Typically, nanotubes suffer from the disadvantage that a large number of them simultaneously form on a surface producing either a tangle or a forest of such tubes, as is clearly illustrated by Ren et al. in “Synthesis of large arrays of well-aligned carbon nanotubes on glass,” Science, vol. 282, 6 Nov. 1998, pp. 1105-1107. The task then remains to affix one nanotube to a somewhat small probe tip support. Dai et al. disclose an assembly method in which they coat the apex of a silicon pyramid at the probe end with adhesive. The coated silicon tip was then brushed against a bundle of nanotubes, and a single nanotube can be pulled from the bundle. This method is nonetheless considered expensive and tedious requiring both optical and electron microscopes. Additionally, there is little control over the final orientation of the nanotube, certainly not to the precision needed to analyze semiconductor features. Cheung et al. describe another method of growing and transferring nanotubes in “Growth and fabrication with single-walled carbon nanotube probe microscopy tips,” Applied Physics Letters, vol. 76, no. 21, 22 May 2000, pp. 3136-3138. However, they either produce poor directional control with a very narrow, single nanotube or require a complex transfer mechanism with nanotube bundles.
Ren et al. describe a method of growing isolated nanotubes in “Growth of a single freestanding multiwall carbon nanotube on each nanonickel dot,” Applied Physics Letters, vol. 75, no. 8, 23 Aug. 1999, pp. 1086-1088. They deposit 15 nm of nickel on silicon and pattern it into a grid of nickel dots having sizes of somewhat more than 100 nm. Plasma-enhanced chemical vapor deposition using acetylene and ammonia produces a single nanotube on each dot having an obelisk shape with a base diameter of about 150 nm and a sharpened tip. However, Ren et al. do not address the difficult problem of transferring such a nanotube, which they describe as being tightly bonded to the nickel, from the nickel-plated substrate to a probe end.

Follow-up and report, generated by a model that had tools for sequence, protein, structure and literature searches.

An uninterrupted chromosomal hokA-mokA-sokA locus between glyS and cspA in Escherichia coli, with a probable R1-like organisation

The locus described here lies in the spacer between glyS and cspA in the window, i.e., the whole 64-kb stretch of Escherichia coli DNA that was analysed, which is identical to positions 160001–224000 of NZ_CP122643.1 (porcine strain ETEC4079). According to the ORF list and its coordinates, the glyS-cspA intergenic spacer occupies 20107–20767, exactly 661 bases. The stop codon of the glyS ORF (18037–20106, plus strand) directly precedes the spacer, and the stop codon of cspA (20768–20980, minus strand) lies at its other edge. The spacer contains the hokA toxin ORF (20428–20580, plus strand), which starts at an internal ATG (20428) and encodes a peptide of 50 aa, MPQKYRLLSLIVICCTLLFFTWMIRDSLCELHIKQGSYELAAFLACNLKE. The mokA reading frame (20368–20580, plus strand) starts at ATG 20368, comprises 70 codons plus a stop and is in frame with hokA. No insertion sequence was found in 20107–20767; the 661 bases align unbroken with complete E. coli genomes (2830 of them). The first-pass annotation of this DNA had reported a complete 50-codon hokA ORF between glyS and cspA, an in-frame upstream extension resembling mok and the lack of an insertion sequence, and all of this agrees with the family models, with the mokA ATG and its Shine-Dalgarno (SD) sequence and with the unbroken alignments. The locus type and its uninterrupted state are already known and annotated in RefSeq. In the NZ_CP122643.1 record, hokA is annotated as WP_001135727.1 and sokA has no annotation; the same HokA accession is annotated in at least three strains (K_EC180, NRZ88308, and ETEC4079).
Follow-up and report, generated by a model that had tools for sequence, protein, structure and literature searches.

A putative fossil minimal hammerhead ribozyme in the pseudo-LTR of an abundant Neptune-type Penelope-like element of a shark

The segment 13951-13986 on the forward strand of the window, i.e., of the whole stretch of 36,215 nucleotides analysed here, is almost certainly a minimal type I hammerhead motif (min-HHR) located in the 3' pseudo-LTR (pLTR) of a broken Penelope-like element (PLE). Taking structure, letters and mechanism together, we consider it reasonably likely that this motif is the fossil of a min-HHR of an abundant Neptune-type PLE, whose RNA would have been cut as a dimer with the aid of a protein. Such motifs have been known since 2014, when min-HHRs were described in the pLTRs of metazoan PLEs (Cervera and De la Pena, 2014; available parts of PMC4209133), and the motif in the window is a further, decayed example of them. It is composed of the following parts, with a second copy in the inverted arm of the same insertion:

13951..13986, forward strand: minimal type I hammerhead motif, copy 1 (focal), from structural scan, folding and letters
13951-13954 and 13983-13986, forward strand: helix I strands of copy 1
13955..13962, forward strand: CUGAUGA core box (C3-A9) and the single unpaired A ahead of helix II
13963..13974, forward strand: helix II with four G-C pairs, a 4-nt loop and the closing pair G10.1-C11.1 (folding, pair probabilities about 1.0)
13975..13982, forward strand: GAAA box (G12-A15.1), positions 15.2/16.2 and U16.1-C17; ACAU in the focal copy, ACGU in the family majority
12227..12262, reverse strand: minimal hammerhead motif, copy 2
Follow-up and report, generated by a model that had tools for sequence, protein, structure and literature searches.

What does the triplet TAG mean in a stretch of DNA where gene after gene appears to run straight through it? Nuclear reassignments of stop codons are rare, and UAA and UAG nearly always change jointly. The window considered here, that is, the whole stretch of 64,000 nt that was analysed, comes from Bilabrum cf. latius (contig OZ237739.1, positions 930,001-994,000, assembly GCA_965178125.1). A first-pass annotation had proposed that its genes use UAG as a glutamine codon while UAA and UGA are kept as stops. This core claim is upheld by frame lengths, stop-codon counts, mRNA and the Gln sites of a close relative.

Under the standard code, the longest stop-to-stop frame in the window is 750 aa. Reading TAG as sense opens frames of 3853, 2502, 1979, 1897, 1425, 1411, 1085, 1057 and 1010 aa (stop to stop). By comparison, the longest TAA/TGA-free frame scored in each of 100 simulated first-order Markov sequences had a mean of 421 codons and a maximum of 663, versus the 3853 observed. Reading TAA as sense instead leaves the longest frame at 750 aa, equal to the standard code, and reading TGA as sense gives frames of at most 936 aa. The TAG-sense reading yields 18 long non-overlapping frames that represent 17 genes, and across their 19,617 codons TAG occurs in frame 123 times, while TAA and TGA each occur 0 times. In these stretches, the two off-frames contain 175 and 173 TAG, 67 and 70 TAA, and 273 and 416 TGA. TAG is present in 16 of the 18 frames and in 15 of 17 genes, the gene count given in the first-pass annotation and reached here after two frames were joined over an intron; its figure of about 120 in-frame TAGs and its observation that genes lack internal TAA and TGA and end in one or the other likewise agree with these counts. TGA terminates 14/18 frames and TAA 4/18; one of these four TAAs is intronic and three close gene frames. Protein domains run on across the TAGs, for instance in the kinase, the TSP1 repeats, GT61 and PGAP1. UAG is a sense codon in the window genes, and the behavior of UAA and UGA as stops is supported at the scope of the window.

Cheung et al. disclose another method of growing isolated nanotubes in “Carbon nanotube atomic force microscopy tips: Direct growth by chemical vapor deposition and application to high-resolution imaging,” Proceedings of the National Academy of Sciences, vol. 97, no. 8, 11 Apr. 2000, pp. 3809-3813. They etch anisotropic holes in a silicon tip and deposit the catalyzing iron or iron oxide in the bottom of the holes. The carbon nanotubes grow out of the holes. However, growth in such restricted geometries is considered to be disadvantageous and to favor single-wall rather than multiple-wall nanotubes. Further, this method provides only limited control over the number and size of the nanotubes being grown.
Accordingly, a more efficient method is desired for forming a probe tip having a single carbon nanotube, or a controlled number of nanotubes. Furthermore, the structure of the probe end and probe tip should facilitate assembly of the probe and contribute to its robustness.
It is an object of the invention, therefore, is to provide an improved method of forming a structure, such as an AFM probe tip assembly, having a controlled number of nanotubes attached to the structure. A preferred embodiment of the invention described and claimed herein comprises a probe support shaped to have sloping sides and a generally planar or flat end, that is, in the shape of sloping mesa. Nickel or some other catalyzing material capable of catalyzing the growth of carbon nanotubes is directionally deposited onto the probe end. The catalyzing material is then isotropically so as to leave sufficient catalyzing material on the mesa top to catalyze the growth of a single carbon nanotube. Typically, the nanotube grows with a bottom diameter approximately equal to that of the catalyst dot on top of the mesa.
In another preferred embodiment of the present invention, the probe support is formed so that the flat end is inclined, that is, the flat end is not perpendicular to the longitudinal axis of the probe support.
In still another preferred embodiment of the invention, a catalyst material can be directly deposited on to the probe end using charged particle beam deposition, such as electron beam deposition.